Bin Xian Central Church serves about 400 believers and sends lay preachers and volunteers to minister at various meeting points in the villages under its care. The various medical stations were set up in the Sunday school and training rooms of the church and people were seen queuing up to wait for their turns.
Fan Jingzhi, 75, a church volunteer who has just had her ECG checked, shared, “BMV is an expression of God’s deep love for us. When we have good health then we’ll be able to serve God better.”
“If we were to visit a clinic in the city, we are usually asked how much money we have with us and to put a deposit of about 300 RMB (about 20% of a person’s monthly salary) before seeing the doctor. There are cases where people do not get their deposit back and they are also not given proper treatment. Hence, people are deterred from going. So, we are really thankful to the donation of UBS, providing basic medical checks to the believers here. Should there be discovery of any diseases from the screenings, then we can encourage them to go for treatment and help them along,” shared Preacher Liu, the overseer of Bin Xian Central Church.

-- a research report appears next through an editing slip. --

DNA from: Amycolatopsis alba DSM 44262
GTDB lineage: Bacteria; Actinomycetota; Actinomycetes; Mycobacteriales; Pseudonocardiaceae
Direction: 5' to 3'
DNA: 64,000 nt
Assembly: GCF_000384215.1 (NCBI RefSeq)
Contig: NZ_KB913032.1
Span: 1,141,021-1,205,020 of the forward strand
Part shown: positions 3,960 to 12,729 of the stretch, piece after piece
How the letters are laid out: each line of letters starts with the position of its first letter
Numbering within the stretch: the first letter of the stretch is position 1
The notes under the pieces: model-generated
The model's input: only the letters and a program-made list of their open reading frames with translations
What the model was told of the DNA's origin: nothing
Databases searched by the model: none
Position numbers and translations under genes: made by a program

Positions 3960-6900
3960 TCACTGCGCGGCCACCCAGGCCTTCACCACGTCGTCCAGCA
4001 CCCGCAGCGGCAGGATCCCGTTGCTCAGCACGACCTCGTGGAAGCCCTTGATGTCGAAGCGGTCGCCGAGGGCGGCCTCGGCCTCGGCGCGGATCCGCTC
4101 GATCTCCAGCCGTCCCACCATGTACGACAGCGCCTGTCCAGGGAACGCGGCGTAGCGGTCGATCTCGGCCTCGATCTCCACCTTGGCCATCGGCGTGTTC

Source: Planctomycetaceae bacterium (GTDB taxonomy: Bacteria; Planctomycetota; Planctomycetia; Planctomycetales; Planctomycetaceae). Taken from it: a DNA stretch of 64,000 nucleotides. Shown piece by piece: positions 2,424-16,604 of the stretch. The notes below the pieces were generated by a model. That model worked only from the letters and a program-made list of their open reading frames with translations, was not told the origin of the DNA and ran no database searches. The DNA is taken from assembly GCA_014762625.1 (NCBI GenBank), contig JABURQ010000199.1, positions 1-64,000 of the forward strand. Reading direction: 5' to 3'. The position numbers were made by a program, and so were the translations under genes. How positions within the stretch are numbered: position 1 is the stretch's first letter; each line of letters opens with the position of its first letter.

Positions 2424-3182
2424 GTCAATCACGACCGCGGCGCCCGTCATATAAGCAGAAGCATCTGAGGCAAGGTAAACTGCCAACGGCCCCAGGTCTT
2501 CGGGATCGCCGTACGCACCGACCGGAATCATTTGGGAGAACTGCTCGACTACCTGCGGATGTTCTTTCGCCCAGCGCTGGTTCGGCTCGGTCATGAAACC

From the Doctor Volunteers
This is acupuncturist, Ni Yongjia’s first experience volunteering in the medical van ministry. He is a member of the Hallelujah Church in Harbin City. At 29, he has already started his own acupuncture practice. Weekends are high patient-volume days, so taking time off work to serve the villagers results in a substantial loss of income for him.
However, this cheerful young man does not mind. He is convinced that God has called him into this profession and wants to use his talents to serve needy people.